Outcome after resection for perihilar cholangiocarcinoma in patients with primary sclerosing cholangitis: an international multicentre study

H. Jansson*, P.B. Olthof, A. Bergquist, M.A.P. Ligthart, S. Nadalin, R.I. Troisi, B.G. Koerkamp, R. Alikhanov, H. Lang, A. Guglielmi, M. Cescon, W.R. Jarnagin, L. Aldrighetti, T.M. van Gulik, E. Sparrelid, Perihilar Cholangiocarcinoma Collaboration Group

*Corresponding author for this work

Research output: Contribution to journalArticleAcademicpeer-review

1 Citation (Web of Science)

Abstract

Background: Resection for perihilar cholangiocarcinoma (pCCA) in primary sclerosing cholangitis (PSC) has been reported to lead to worse outcomes than resection for non-PSC pCCA. The aim of this study was to compare prognostic factors and outcomes after resection in patients with PSC-associated pCCA and non-PSC pCCA. Methods: The international retrospective cohort comprised patients resected for pCCA from 21 centres (2000-2020). Patients operated with hepatobiliary resection, with pCCA verified by histology and with data on PSC status, were included. The primary outcome was overall survival. Secondary outcomes were disease-free survival and postoperative complications. Results: Of 1128 pCCA patients, 34 (3.0%) had underlying PSC. Median overall survival after resection was 33 months for PSC patients and 29 months for non-PSC patients (p = .630). Complications (ClavienDindo grade > 3) were more frequent in PSC pCCA (71% versus 44%, p = .003). The rate of posthepatectomy liver failure (21% versus 17%, p = .530) and 90-day mortality (12% versus 13%, p = 1.000) was similar for PSC and non-PSC patients. Conclusion: Median overall survival after resection for pCCA was similar in patients with underlying PSC and non-PSC patients. Complications were more frequent after resection for PSC-associated pCCA, with no difference in postoperative mortality.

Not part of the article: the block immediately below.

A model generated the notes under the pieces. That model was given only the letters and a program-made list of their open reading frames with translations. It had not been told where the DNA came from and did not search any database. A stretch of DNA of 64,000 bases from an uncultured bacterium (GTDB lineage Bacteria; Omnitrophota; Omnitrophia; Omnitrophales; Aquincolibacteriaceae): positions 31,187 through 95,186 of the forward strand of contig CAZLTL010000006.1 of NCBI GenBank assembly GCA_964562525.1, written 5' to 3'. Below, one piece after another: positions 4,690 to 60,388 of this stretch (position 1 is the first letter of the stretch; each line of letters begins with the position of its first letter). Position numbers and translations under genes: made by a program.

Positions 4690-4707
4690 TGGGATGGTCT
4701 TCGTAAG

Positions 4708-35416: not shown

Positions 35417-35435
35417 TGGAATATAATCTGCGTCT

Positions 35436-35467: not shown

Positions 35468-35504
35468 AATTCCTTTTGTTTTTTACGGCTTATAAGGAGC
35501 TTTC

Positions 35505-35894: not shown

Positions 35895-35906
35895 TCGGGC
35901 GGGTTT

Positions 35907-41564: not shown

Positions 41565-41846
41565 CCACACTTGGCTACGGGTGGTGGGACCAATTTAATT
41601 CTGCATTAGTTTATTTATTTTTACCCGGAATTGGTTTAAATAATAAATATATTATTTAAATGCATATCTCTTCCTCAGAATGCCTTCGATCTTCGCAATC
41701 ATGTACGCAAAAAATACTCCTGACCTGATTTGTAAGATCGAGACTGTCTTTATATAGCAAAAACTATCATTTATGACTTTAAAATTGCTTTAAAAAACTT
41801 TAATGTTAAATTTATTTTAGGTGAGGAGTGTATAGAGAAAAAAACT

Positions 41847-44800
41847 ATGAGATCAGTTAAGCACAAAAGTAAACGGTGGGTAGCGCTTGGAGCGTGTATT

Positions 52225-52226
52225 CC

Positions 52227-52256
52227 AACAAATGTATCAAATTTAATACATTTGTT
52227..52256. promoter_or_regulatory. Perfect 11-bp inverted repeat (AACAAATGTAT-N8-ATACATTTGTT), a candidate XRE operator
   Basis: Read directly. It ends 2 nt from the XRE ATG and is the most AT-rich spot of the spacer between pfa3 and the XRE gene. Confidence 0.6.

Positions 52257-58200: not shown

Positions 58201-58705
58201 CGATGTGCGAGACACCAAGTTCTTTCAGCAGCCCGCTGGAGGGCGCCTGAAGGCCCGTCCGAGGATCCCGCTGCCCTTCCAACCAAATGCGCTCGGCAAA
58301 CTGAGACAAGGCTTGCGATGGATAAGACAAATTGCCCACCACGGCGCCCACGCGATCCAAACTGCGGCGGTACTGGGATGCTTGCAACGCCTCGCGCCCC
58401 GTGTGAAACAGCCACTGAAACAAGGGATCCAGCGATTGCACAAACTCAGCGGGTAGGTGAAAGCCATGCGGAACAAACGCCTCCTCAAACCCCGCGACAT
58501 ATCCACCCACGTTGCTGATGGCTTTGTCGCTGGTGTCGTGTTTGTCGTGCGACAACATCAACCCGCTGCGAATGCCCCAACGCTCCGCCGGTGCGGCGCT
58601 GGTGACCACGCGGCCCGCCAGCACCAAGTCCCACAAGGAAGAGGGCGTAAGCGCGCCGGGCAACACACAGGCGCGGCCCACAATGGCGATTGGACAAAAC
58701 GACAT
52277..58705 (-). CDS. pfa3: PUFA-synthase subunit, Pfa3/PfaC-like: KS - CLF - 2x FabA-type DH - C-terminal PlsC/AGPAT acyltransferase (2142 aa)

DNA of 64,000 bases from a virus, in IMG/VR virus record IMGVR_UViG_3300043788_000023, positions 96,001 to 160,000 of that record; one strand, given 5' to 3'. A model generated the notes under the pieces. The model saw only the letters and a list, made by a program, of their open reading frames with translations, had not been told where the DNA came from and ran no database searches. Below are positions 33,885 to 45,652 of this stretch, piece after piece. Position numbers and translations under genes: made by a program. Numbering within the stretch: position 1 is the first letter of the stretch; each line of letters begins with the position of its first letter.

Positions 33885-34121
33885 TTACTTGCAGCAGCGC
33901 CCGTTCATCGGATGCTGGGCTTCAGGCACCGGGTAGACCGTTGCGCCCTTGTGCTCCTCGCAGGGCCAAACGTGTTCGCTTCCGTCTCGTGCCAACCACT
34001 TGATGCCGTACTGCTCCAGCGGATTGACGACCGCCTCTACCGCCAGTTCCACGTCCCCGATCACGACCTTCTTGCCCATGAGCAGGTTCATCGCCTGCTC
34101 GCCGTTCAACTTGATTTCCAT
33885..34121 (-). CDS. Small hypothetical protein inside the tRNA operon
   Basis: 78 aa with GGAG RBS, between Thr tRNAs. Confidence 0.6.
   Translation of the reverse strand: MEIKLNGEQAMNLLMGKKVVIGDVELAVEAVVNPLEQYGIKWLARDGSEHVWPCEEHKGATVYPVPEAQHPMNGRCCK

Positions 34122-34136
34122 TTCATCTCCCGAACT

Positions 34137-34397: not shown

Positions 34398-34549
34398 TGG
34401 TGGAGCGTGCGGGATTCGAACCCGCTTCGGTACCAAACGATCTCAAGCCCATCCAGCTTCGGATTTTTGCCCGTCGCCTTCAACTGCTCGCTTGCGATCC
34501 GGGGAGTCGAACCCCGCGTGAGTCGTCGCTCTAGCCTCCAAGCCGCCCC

Original languageEnglish
Pages (from-to)1751-1758
Number of pages8
JournalHPB
Volume23
Issue number11
DOIs
Publication statusPublished - 1 Nov 2021

Keywords

  • HILAR CHOLANGIOCARCINOMA
  • RISK

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